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No Cause for Alarm as Oil Prices Skyrocket

Wed 5th Aug 2015
No Cause for Alarm as Oil Prices Skyrocket

Global oil prices have rocketed in the last 12 months and are set to continue this trend as production shortages take hold.

However, motorists needn't worry as we're referring to olive oil, not the gloopy black gold of barons and dynasties the world over.

In 2014, Spain and Italy, the world's TWO largest producers of olive oil, released early warnings of shortages in the olive oil markets for 2015.

Spain suffered from extreme heat and drought affecting plantations across the nations, whilst Italy was devastated by insect infestation and bacterial infections, most notably in Puglia.

Spain and Italy produce a combined total of more than 70% of all olive oil in the world.

Interestingly, both Greece and Tunisia have experienced increases in harvests. Greece recorded 127% growth, whilst Tunisia reached 300% compared to the previous year's figures, but the increased yields were not enough to shore up supply.

Exports of olive oil from Tunisia have mostly flowed into Italy and Spain as a result of the crisis.

Business intelligence outfit, Euromonitor, have said extra virgin olive prices have increased by as much as 10% since the 2013/2014 harvests due to an approximate 12% deficit in supply.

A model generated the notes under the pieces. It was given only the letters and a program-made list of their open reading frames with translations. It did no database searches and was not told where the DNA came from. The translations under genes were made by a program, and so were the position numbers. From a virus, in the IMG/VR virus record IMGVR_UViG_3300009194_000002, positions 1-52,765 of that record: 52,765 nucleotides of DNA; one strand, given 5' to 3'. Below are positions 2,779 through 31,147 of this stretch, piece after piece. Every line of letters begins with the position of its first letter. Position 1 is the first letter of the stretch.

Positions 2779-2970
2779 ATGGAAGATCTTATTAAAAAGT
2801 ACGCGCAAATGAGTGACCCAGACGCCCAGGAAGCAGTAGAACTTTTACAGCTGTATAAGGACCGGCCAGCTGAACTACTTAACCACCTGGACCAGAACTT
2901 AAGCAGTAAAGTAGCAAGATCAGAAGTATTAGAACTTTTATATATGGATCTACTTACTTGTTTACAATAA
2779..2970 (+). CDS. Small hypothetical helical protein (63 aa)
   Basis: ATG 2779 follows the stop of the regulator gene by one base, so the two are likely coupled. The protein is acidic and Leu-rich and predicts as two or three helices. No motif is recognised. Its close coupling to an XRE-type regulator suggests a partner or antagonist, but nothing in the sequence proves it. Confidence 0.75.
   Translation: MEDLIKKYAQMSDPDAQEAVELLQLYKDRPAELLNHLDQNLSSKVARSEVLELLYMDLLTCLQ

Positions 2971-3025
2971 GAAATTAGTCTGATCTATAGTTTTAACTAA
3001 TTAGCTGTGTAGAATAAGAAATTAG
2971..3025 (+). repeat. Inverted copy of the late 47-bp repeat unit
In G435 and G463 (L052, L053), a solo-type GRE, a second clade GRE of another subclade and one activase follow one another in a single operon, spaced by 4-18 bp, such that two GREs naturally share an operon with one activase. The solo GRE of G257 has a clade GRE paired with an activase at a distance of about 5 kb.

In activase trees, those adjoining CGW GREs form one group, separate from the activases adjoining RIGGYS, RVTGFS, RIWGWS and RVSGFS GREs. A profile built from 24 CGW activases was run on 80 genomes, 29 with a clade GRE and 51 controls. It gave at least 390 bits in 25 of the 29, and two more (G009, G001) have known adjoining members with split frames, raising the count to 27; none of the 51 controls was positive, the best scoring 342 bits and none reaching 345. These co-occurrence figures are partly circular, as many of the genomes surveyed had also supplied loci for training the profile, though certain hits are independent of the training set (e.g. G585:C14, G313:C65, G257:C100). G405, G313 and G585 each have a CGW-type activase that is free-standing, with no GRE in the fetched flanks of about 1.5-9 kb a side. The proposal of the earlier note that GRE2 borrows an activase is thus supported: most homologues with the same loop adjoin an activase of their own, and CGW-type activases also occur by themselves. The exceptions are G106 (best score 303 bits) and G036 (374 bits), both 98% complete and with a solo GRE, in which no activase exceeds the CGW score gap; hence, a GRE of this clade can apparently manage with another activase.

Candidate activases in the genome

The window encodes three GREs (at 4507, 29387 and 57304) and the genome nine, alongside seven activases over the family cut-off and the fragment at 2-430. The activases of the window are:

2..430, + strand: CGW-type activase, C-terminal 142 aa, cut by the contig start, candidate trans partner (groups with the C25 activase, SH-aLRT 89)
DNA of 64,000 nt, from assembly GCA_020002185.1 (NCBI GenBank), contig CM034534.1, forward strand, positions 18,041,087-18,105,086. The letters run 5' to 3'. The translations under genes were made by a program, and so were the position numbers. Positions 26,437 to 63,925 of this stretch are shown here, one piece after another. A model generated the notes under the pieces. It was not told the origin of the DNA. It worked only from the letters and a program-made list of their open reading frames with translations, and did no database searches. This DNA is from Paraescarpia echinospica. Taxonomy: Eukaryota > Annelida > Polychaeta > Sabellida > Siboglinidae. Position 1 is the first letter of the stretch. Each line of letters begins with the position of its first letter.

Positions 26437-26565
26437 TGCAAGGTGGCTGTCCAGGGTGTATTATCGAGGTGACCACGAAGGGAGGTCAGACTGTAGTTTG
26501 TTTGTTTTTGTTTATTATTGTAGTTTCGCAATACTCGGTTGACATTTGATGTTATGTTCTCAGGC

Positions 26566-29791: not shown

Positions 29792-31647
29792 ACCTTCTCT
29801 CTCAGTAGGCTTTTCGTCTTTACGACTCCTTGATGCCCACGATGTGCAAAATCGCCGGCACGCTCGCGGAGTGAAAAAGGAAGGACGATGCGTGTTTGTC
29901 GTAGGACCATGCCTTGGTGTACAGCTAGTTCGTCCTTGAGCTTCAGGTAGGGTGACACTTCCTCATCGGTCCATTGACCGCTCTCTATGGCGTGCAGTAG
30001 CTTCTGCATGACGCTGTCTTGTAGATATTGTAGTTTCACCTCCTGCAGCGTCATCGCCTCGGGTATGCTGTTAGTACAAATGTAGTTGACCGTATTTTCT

Brit trade journal, The Grocer, has reported that the average cost a litre of extra virgin olive oil in December 2014 was £6.32, whereas in July 2015 that price had risen to £6.95 a litre and will likely continue to rise.

Spanish olive oil prices are at their highest since 2006 reaching $4,272 a tonne (approx. £2,700) with no signs of the situation being alleviated anytime soon.

Spanish production of olive oil although high, has been declining on average, year on year. Extreme summers and drought are affecting olive groves across the country.

Summer temperatures for Spain in 2015 have already broken all previous records following a successsion of heatwaves being blown in from the Sahara desert.

Olive harvests in Spain are due to begin from September, yet early indications suggest this year's harvest will result in further shortages of olive oil in 2016.

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